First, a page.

Not too long ago, MLB released their shiniest toy yet — a brand new set of positioning numbers paired with a friendly, colorful user interface. There are dots and sortable charts and drop down menus and the like. It’s equal parts impressive, silly, and overwhelming. Still, the new information provides us something to write about, and for that, I will forever be in their debt. The Red Sox outfield defense is widely considered one of the best in baseball, with All-World right fielder Mookie Betts, and human highlight reel Jackie Bradley Jr patrolling the vast spaces of Fenway’s quirky outline. Andrew Benintendi is also there — looking fabulous — but, you know.
So how are the Red Sox lining up on defense? How do they compare against not only other teams, but their own teammates? Let’s take a look.
In left, Benintendi’s and J.D. Martinez’s positioning is pretty similar. And when I say pretty similar, what I mean is that it is almost completely identical. Here’s how they look:
Don’t waste your time squinting and trying to decipher the two. You will get a headache from staring at the screen, not be able to fall asleep, and I don’t want that on my conscience.
On a larger scale, the Red Sox play a shallow left field. The average left fielder plays at a depth of 294 ft. Martinez plays at 290 feet, and Benintendi sets up shop at 289. Of 52 players who have been in left for at least 100 plate appearances, only Cincinnati’s Jesse Winkler plays a more shallow left field than Benintendi. That’s a not-insignificant difference, but then you remember that there’s a gigantic green wall in left field at Fenway Park and things start to make some more sense. There’s no gigantic green wall in Cincinnati, so I’m not really sure what Winkler’s excuse is.
Here’s where it gets a little more interesting. Benintendi and JBJ are the only qualified centerfielders for the Sox, and their position could not be any more different:
For starters, you can see two dots! That is encouraging. As you might have guessed, that shallow dot is Andrew Benintendi. While the average centerfielder plays at 316 feet, Benintendi lines up at 308. Once again, it is the second-most shallow position of any qualified center fielder, this time behind the White Sox’ Adam Engel. Whether it’s his choice or something the coaches are telling him, it’s fascinating to see that Benintendi plays one of the most shallow outfields in baseball.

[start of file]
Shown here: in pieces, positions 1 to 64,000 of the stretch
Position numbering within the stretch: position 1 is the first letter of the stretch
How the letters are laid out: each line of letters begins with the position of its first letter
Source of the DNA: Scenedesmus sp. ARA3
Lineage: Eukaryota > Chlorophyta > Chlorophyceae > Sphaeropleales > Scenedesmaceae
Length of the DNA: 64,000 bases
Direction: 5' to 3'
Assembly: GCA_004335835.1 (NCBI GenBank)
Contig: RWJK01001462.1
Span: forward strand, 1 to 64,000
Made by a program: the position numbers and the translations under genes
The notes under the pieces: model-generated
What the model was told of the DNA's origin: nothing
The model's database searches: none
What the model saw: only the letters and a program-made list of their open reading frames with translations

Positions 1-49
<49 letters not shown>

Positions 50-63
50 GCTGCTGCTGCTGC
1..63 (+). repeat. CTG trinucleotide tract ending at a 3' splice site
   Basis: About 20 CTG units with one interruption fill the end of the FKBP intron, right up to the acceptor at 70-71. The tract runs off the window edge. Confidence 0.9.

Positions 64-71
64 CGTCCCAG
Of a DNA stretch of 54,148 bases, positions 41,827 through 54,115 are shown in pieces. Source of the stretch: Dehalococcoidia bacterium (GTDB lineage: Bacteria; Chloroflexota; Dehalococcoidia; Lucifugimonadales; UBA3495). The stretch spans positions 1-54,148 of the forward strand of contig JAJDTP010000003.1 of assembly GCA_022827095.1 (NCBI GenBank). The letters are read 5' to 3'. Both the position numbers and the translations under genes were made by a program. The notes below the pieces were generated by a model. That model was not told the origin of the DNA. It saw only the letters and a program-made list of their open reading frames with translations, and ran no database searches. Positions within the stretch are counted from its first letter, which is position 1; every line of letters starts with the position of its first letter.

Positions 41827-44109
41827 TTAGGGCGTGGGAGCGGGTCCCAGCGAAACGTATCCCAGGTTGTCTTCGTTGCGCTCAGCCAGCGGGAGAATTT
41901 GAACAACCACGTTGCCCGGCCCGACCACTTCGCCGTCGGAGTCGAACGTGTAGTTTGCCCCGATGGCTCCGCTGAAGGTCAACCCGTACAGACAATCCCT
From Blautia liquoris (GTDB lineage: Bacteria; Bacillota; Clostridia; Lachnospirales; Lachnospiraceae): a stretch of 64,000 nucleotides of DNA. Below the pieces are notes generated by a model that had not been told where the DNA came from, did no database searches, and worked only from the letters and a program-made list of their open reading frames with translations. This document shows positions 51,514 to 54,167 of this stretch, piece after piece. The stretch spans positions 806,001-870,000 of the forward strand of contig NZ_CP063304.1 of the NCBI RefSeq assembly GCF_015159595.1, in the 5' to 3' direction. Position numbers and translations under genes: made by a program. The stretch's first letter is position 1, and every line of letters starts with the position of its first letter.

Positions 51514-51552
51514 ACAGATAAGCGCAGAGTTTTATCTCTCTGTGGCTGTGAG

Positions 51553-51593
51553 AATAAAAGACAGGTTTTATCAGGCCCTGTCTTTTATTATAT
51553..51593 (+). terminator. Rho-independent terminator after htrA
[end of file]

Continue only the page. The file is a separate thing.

The deeper dot, obviously, is Jackie Bradley Jr. He still plays more shallow than the average center fielder, with JBJ settling in at 312 feet. Of the 48 qualified CF’s, JBJ’s depth puts him at 38. It gets even more interesting when you turn the calendar back a year and see that in 2017, he was setting up at 326 feet. He’s playing nearly five yards more shallow this season, which seems… dramatic.
Worried about the Red Sox shallow-playing tendencies? Don’t be. If you take a look at who JBJ is grouped with, you’ll notice names like Engel, Buxton, Marisnick, and Hamilton. What do all those names have in common? All four are in the top half of MLB’s fastest center fielders. In fact, Buxton, Engel, and Hamilton make up three of the top four. You can’t teach speed, and the wheels that the aforementioned players posses allow them to cheat in a little more than others normally would. If anything, it should be noted how impressive it is that Bradley plays a shallow center field with positionally-average speed. He doesn’t need the game-changing speed that the other players at his depth do to make the same catches.
JBJ also plays the ball as straight up as straight up can be. Of those 48 qualified CFs, only three set up at an exact zero-degree angle. I’m not entirely sure how important that actually is, but being only one of three fielders to do it seems noteworthy. To be honest I’m not sure any Red Sox fan cares what angle he lines up at if he keeps making absurd diving catches once every two innings.
Since there’s only one qualified Red Sox right fielder, here’s how Mookie Betts lines up against the rest of baseball:
Considering how cavernous Fenway’s right field is, it’s fascinating that Betts plays so shallow and center. He sets up at 279 feet, far far below the MLB average of 293. He also shades farther into center field than any other right fielder in baseball, standing at a 25 degree angle. The only other player that comes close to that is San Diego’s Travis Jankowski, who makes up for his dramatic angle by playing the deepest right field in baseball. Whatever the reasoning is, it’s working for Mookie. Betts currently ranks sixth in baseball with five outs above average. His Catch Percentage Added sits right at six percent, which is good for 11th-best in baseball. Add in the rest of what he’s doing this year, and Mookie can do whatever he wants and line up wherever he wants. He’ll still get the job done.
Header photo by Richard Mackson — USA TODAY Sports
1 comment on “Posting Up In The Outfield”
Interesting and something I’d never considered. I’d be curious to see how outfielders have played Fenway over the years, including averages for visiting teams.
BTW, is this data available to the public or some sort of subscriber service? Plus include a link if it’s public.